In Canada, we are extremely lucky to have tax-free investing options. Taxes on investing income can eat up a significant amount of returns for investors.
Even if it’s just a few percent of your entire portfolio each year, over time it will add up to a crazy amount, so tax planning is a crucial part of building yourself an investing plan. You should also take advantage of the tax-free accounts.
Luckily, there are two options for investors: the Registered Retirement Savings Plan (RRSP) and the Tax-Free Savings Account (TFSA). Both are considered what is called a registered account, meaning there are certain restrictions on the types of trading you can do.
You may be wondering, what’s the difference, and which is better for you? There are a number of differences as well as similarities, but each person will have a separate answer based on your personal situations.
It’s important to understand the main differences, as your circumstances may change over time, and the better option for you may consequently change as well.
Since both are so important and have so many different features of them, today we will only focus on the TFSA.
TFSAs in general are better off for individuals who earn less income. Not only will there be less tax for you to defer now anyway, but deferring it can have impacts in retirement that may rob you of government assistance you are entitled to.
TFSAs also have a fixed amount of contribution room, where your RRSP room will be calculated.
Another benefit of the TFSA is that money can be withdrawn anytime tax free, and the contribution room will open back up the next calendar year.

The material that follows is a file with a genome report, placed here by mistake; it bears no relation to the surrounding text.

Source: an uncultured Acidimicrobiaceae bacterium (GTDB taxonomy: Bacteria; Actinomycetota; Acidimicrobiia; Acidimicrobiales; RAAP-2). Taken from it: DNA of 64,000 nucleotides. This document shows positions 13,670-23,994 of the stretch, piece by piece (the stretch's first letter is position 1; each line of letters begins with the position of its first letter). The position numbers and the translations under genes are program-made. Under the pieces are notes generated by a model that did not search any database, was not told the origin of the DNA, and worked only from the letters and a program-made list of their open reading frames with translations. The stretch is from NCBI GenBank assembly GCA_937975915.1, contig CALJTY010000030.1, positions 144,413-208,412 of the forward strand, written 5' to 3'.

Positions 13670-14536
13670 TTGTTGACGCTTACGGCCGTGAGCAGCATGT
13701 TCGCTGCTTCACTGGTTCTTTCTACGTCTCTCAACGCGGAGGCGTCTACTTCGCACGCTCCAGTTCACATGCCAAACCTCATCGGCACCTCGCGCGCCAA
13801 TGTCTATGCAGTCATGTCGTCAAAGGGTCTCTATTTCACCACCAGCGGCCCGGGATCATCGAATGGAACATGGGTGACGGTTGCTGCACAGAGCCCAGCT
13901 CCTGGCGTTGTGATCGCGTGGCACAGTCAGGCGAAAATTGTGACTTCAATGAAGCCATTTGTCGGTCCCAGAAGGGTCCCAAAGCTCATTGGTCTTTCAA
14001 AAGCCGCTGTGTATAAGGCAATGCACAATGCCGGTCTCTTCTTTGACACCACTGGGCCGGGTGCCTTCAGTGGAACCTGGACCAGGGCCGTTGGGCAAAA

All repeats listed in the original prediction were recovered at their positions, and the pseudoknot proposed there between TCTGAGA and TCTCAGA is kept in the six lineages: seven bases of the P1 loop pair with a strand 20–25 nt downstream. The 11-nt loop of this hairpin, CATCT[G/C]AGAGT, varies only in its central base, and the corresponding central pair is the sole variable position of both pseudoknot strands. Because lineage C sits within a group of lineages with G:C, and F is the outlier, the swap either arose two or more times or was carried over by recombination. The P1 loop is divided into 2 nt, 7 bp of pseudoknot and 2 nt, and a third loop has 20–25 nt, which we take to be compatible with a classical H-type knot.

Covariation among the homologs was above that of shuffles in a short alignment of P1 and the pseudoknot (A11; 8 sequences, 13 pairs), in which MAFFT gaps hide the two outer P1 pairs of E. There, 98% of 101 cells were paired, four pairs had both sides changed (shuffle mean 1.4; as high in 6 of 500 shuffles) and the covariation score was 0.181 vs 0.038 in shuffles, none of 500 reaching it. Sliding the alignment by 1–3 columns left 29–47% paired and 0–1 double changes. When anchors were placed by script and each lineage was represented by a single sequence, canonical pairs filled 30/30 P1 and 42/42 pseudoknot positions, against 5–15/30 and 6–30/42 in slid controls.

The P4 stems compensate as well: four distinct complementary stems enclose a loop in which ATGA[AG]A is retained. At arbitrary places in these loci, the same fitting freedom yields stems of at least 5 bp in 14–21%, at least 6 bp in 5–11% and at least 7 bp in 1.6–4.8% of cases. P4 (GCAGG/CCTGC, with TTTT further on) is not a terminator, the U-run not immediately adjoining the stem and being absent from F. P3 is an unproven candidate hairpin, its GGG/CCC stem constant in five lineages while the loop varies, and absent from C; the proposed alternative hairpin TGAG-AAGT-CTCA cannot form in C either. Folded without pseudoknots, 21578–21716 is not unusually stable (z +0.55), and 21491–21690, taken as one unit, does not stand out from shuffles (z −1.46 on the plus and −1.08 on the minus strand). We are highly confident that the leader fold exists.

This makes TFSAs useful for people who may not be saving for retirement, but rather something shorter term like a house, or car, or maybe even just an emergency fund.
You may be wondering how much you can commit. For somebody who has been eligible since TFSAs were introduced in 2009, the total contribution limit as of 2019 is $63,500.
TFSAs are extremely useful for those investors who make a lot of income from their investments, but that doesn’t mean investors should target a high-risk, high-reward strategy.
It may be tempting to shoot for the moon, but if your portfolio is too dangerous, you could risk losing contribution room, which you can never get back.
Thats why TFSAs are best used to save you tax in the long run, by allowing investors to retain 100% of their profits and compound it annually.
A stock like Enbridge (TSX:ENB)(NYSE:ENB) would be perfect for a TFSA. It’s a large, stable company that will continue to grow for the long term. It also pays a dividend that’s yielding around 6.4%, which you can keep 100% of.
This means you can use the increased money you would have otherwise paid in taxes to invest immediately and start compounding that extra income.
In addition, you are bound to save a ton of money on the capital gains tax too, because Enbridge is sure to continue to appreciate for decades.
The way its contracts are made up give it a ton of stable and predictable cash flows, which allow it to manage its finances well.
It’s also in an industry where its top line will be only slightly affected by poor economic conditions, so you don’t have to worry about losing contribution room to a poor investment.
The TFSA is a powerful tool that investors have to help them save and build wealth for whatever it is they are saving for. Since the rules around it are flexible, you can use it to save for short-term things or a long-term goal such as retirement.
It’s a tool more Canadians should use, especially because the amount of money you can save is huge, especially if you are finding great companies and buying them cheap.
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Fool contributor Daniel Da Costa has no position in any of the stocks mentioned. The Motley Fool owns shares of Enbridge. Enbridge is a recommendation of Stock Advisor Canada.
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